John is running around the wilderness preaching a message of repentance and preparation, quoting from the prophet Isaiah, “Prepare the way for the Lord, make straight paths for him. Every valley shall be filled in, every mountain and hill made low. The crooked roads shall become straight, the rough ways smooth. And all people will see God’s salvation.”
Luke is reminding his reader about where God does God’s work and of what is required. Prepare, make straight your paths. The powerful people residing in their palaces don’t hear this word, refuse to hear this word. Are unwilling to allow God to work in their hearts, are unwilling to go into the wilderness where things are wild!
And I think we are the same sometimes. We are getting ready for Christmas, but are we getting ready for Christ? Are we willing to hear the message the John the Baptist has for us?
We like the routine of our lives, the predictability of it. But the wilderness doesn’t offer predictability and the result is that we aren’t always comfortable with John the Baptist or his message. We want to skip to the parts about Jesus. But we can’t just skip ahead, we need to spend some time in the wilderness with John.
The wilderness is not a surprising place for John the Baptist to be. It fits in with the Old Testament prophetic tradition. Tying John to the prophets of old and it sets up the forty days that Jesus will subsequently face in the desert. We should note that unlike Jesus who is whisked away into the desert by the Holy Spirit, John has been there all along. It is a conscious choice he made, reflective of his ministry of repentance and baptism.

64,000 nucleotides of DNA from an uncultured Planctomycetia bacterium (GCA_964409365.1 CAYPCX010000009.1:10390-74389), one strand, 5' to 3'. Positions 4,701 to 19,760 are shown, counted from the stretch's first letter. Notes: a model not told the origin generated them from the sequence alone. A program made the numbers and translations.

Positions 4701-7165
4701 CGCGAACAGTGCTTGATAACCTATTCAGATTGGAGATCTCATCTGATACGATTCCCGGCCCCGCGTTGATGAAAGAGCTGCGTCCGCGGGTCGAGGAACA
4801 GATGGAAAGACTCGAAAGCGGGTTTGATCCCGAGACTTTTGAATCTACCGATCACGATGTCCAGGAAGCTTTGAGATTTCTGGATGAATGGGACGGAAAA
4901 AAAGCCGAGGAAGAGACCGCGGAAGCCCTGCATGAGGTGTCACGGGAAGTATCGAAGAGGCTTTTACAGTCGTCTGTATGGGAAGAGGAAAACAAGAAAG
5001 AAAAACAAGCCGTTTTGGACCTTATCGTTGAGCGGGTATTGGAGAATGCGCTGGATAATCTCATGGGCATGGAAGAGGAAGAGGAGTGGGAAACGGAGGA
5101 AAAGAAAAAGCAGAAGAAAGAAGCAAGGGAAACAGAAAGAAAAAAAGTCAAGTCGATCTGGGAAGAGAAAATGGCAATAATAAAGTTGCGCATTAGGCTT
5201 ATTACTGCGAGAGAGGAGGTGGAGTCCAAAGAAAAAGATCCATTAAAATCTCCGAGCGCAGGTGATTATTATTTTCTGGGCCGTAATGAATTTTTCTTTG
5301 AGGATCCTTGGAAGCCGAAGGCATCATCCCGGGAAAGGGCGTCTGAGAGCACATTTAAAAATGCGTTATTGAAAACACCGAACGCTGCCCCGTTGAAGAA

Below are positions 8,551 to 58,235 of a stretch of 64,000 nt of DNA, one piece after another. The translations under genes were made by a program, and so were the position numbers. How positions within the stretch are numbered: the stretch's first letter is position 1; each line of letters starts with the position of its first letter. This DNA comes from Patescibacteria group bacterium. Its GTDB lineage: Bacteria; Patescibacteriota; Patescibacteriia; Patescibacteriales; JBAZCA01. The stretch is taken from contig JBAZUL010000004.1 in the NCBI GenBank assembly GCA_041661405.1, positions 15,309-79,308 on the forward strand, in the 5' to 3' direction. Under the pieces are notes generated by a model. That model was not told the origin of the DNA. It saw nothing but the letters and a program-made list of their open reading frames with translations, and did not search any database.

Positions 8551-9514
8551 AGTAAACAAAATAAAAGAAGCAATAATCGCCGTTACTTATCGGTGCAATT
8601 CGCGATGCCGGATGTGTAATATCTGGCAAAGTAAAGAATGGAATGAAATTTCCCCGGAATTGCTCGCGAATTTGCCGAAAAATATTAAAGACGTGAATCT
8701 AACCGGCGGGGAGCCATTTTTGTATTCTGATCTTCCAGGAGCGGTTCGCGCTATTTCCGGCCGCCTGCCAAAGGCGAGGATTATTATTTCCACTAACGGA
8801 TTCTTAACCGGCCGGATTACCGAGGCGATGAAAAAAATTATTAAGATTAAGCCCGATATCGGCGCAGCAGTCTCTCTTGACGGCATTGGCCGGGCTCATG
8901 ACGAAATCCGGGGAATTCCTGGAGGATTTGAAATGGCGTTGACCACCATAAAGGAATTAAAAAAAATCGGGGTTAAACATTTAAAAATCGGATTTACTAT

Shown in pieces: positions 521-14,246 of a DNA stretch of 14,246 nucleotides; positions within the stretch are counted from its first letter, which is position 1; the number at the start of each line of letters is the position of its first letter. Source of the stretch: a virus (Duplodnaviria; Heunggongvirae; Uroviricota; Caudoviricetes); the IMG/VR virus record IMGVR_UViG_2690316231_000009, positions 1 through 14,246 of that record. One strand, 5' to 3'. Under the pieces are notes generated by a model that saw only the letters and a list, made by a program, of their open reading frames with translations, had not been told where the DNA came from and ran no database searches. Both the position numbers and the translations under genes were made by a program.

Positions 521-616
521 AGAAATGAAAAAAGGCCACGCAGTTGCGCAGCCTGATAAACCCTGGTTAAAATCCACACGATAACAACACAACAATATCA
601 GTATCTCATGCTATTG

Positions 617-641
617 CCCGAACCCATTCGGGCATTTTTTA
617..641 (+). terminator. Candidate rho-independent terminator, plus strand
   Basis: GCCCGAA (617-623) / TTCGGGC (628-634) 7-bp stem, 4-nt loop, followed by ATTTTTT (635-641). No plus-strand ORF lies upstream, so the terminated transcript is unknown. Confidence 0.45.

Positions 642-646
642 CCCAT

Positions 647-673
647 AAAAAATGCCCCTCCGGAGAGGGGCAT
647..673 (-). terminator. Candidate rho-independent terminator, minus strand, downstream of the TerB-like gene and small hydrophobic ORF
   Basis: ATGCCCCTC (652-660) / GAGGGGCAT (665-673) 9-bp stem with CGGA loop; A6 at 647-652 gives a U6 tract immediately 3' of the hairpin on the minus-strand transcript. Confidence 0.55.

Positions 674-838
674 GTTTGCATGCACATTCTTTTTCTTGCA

We are socialized to listen to the voices of people in power and who exercise authority. We listen to politicians, we respect police officers, we trust the advice of professionals. Often, dare I say most of the time, it is to these voices that we look to during times of crises. When things become challenging we want a voice of authority to reassure us that things will be alright. Voices which will provide guidance on how we can solve the problem. As I said we are socialized this way.
We don’t often listen to the voices like John that we find in our society. We either don’t trust them or we discredit them as not having enough experience. But I often think we should listen to those voice a little more, because I believe there is a great deal of wisdom in those voices.
In Sweden Greta Thunberg, a 15 year old girl, is on strike. She isn’t attending school. Instead she is protesting outside of the Swedish parliament demanding action on the issue of climate change (reference).
We’ve been collecting socks here at St. Andrew’s at the request of Jordan Randall, David and Marlene’s grand-daughter, so that they can be donated to the homeless and those living in shelters. Socks are the most needed item that people living on the street need. Jordan is nine. We will be dedicating those socks next Sunday during worship.
Speaking of socks a radio station I listen to, based in Toronto, is also collecting socks. As part of their campaign they have interviewed people who are living on the street. So it isn’t the voice of a well paid radio DJ telling you whey they are important, instead it’s the voice of someone who is living on the street. Voices we don’t often listen too.
What’s in a name? Unless it’s the name of Jesus, nothing. It’s time we started listen to the still small voices, they have important things to say to us.
Make straight your hearts;
Prepare the way of the Lord. Amen.
St. Andrew's Presbyterian Church
St. Andrew’s Presbyterian Church, Cobourg is part of the Presbyterian Church in Canada. The congregation was established in 1833 and continues to serve the community.